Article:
The United States is planning to build an unmanned hypersonic aircraft capable of striking any target in the world within two hours.
The initial description of the concept - called the Hypersonic Cruise Vehicle (HCV) - has recently been placed on the website of the Defense Advanced Research Projects Agency (Darpa), the central research and development organisation of the Pentagon.
The US is planning a number of other hypersonic planes
A conference of companies interested in the project is to be held soon.
The idea is that the HCV would take off from a conventional airfield in the continental United States carrying a 12,000-pound (5,500-kilogram) payload.
This payload would be made up from a variety of munitions, including cruise missiles and a new glide bomb dropped from space, called a Common Aero Vehicle (Cav).
The HCV air/spacecraft could be operational by 2025.
Darpa says: "This capability would free the US military from reliance on forward basing to enable it to react promptly and decisively to destabilising or threatening actions by hostile countries and terrorist organisations."
It appears that the philosophy is a development of the "shock and awe" tactics developed for the Iraq war.
The US will be able, using aircraft based on its own territory, to strike at individual targets without warning and without the need for foreign bases
According to Darpa: "The intent is to hold adversary vital interests at risk at all times, counter anti-access threats, serve as a halt-phase shock force and conduct suppression of enemy air-defence and lethal strike missions as part of integrated strategic campaigns in the 21st Century."
In other words the United States will be able, using aircraft based on its own territory, to strike at individual targets without warning and without the need for foreign bases.
The whole project goes under the acronym Falcon - Force Application and Launch from the Continental United States.
The military journal Jane's Defence Weekly, which broke the story in its latest edition, says that as well as this futuristic plan, the research agency also proposes a shorter term (by 2010) weapons system.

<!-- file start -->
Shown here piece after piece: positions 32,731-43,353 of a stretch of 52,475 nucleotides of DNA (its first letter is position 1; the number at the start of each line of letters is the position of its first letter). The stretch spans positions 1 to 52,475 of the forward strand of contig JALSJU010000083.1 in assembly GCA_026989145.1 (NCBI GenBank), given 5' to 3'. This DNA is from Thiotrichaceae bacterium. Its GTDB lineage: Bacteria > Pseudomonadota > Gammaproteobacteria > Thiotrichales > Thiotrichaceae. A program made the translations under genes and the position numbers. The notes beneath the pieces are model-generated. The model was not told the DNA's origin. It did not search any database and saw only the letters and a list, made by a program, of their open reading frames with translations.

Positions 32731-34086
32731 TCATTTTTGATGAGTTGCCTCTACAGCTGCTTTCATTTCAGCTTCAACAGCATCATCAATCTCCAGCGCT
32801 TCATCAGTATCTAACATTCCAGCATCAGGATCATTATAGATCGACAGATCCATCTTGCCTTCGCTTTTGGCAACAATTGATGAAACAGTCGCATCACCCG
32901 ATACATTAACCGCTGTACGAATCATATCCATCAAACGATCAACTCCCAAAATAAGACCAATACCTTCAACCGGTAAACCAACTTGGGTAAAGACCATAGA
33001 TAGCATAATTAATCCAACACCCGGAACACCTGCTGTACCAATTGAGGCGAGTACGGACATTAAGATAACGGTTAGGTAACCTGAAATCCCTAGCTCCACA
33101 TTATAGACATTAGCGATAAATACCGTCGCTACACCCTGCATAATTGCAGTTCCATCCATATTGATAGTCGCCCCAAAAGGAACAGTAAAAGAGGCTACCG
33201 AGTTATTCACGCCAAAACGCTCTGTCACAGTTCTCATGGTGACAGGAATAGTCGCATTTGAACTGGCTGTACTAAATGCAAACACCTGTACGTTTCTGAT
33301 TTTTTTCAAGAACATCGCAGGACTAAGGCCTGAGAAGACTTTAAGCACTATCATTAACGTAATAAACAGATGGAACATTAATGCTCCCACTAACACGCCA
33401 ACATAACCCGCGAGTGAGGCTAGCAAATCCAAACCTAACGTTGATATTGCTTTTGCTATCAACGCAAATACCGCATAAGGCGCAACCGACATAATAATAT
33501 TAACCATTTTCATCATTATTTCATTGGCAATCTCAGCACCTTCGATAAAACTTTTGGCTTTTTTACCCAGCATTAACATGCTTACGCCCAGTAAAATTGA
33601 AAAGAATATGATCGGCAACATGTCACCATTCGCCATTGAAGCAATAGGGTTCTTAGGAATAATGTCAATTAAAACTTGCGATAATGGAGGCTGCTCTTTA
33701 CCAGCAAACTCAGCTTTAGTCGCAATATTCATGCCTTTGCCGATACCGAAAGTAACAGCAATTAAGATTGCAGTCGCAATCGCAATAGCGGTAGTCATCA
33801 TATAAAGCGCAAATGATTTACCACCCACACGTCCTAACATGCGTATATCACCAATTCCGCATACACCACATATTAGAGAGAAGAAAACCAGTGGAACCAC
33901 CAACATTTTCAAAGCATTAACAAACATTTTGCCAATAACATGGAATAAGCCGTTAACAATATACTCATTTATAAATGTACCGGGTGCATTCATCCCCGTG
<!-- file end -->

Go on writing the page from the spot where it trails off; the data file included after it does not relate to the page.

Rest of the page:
It would be based on what is known as a Small Launch Vehicle (SLV) which would blast into space carrying the Common Aero Vehicle.
This is essentially a bomb dropped from space which then freefalls or glides on to its target.
It is officially described as "an unpowered, manoeuvrable, hypersonic glide vehicle capable of carrying approximately 1,000 pounds (453 kg) of munitions". Its range would be about 3,000 miles (4,800 kilometres) and it would be accurate to within 3 metres.
The current and future international political environment severely constrains this country's ability to conduct long-range strike missions
It would be going so fast that its small warhead would not matter much since it would hit the target with such force.
There are plans also to make the SLV capable of launching small satellites into orbit at very short notice in order to respond to a specific crisis.
New technology sought
The new systems are being developed in response to what are seen as the inadequacies of current technology, which, though smart, are not smart enough.
Darpa says: "Recent military engagements in Bosnia, Afghanistan and Iraq have underscored both the capabilities and limitations of US air forces in terms of placing ordnance on military targets.
"Moreover, the current and future international political environment severely constrains this country's ability to conduct long-range strike missions on high-value time-critical targets from outside CONUS [the continental United States]."
The plan is that the first Cav flight should take place in 2006 and the SLV in 2007 with the first test flight of both together in 2009.